This piece was written by a young person who accesses Spectrum’s services, thanks to people like you, who keep our doors open. It is part of a series of Spectrum Youth Voices.
I am nearing 21 and under the impression that society would prefer it if I had my act together, and I was nice to you and smiled when you said “hello,” even though I don’t have my act together, I don’t feel smiley, and I don’t want to say “I’m fine” when you ask me how I’m doing.
What I want to say is “horrible.” I am doing horrible because everybody is supposed to be happy around the holidays but all I feel is empty.
I grew up with a comfortable home life but, due to events I won’t go into detail about, that life was taken from me almost 3 years ago. I was thrown into a world that didn’t make sense and I had to make decisions I wasn’t qualified to make.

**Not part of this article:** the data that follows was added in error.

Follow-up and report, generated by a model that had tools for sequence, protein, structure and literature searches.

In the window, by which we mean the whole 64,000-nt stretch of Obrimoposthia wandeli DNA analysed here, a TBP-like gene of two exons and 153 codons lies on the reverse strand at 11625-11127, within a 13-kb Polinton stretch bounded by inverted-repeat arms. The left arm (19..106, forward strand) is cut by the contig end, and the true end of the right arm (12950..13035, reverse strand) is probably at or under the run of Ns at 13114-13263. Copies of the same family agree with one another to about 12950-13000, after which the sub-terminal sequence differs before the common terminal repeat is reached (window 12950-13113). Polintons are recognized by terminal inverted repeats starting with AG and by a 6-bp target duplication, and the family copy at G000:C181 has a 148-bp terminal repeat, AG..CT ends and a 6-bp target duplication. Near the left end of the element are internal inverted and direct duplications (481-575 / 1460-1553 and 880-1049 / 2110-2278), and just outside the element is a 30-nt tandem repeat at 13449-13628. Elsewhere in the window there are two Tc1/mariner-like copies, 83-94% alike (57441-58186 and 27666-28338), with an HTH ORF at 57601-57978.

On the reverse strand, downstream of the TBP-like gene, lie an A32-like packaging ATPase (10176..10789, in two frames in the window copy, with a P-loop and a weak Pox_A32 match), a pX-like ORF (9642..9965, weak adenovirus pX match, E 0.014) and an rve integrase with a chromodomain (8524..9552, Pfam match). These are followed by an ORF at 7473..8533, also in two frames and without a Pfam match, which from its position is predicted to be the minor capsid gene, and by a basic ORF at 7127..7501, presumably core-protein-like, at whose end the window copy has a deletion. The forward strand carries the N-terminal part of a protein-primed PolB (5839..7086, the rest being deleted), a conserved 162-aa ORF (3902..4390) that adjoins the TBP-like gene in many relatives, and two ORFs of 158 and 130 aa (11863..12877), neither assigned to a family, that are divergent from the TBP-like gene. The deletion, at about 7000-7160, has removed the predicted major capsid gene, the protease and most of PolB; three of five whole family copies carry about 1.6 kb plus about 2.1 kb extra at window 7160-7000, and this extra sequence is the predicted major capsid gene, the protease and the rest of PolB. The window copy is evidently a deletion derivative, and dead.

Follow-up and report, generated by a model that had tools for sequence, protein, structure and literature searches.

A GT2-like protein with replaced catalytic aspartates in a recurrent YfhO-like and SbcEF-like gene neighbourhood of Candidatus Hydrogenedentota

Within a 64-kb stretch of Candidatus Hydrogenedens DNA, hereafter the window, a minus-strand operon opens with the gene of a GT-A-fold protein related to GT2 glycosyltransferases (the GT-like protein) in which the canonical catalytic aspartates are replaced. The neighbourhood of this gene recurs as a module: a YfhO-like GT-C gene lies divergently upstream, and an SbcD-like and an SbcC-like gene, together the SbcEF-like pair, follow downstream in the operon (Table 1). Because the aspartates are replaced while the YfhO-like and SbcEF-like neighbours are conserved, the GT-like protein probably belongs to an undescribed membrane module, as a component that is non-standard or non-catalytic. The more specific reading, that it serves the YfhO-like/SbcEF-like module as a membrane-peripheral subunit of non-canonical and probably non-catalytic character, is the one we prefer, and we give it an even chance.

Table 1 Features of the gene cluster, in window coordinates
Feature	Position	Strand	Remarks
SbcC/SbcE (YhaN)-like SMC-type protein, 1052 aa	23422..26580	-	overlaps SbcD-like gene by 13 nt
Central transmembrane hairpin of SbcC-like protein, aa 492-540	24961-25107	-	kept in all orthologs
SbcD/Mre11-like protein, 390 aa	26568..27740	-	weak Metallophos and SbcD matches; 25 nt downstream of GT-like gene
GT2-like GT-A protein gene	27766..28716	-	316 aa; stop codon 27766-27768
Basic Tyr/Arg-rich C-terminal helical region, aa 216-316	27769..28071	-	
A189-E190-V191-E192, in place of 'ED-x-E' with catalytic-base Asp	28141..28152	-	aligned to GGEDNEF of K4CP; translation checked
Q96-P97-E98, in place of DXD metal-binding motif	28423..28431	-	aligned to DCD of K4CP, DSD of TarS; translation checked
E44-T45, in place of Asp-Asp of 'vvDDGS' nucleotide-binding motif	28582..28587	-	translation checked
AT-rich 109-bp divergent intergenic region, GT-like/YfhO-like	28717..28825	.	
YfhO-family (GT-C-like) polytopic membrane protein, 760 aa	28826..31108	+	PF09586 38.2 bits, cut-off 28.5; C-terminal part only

I had to go with my gut, and it didn’t always lead me in the best direction. So I also spent some time backtracking, so to speak. I’m not telling you all this so you pity me; I’m telling you this so you understand me.
I’m not the only individual accessing Spectrum who has undergone significant—even traumatic—loss. I’m not the only one feeling empty or struggling with the enormous isolation brought on by all these complicated feelings.
So, reader, this is where you come in. I can’t speak for everyone, but to me, the holidays are just a big, national reminder of what’s missing and what I can’t get back. The holidays have so much emphasis on material goods but I would give anything to have back the life I lost.
So over the next month or so, take time to hug someone a little tighter, and listen a little longer, because these are the memories that count. These are the memories that will never lose value and can never be replaced.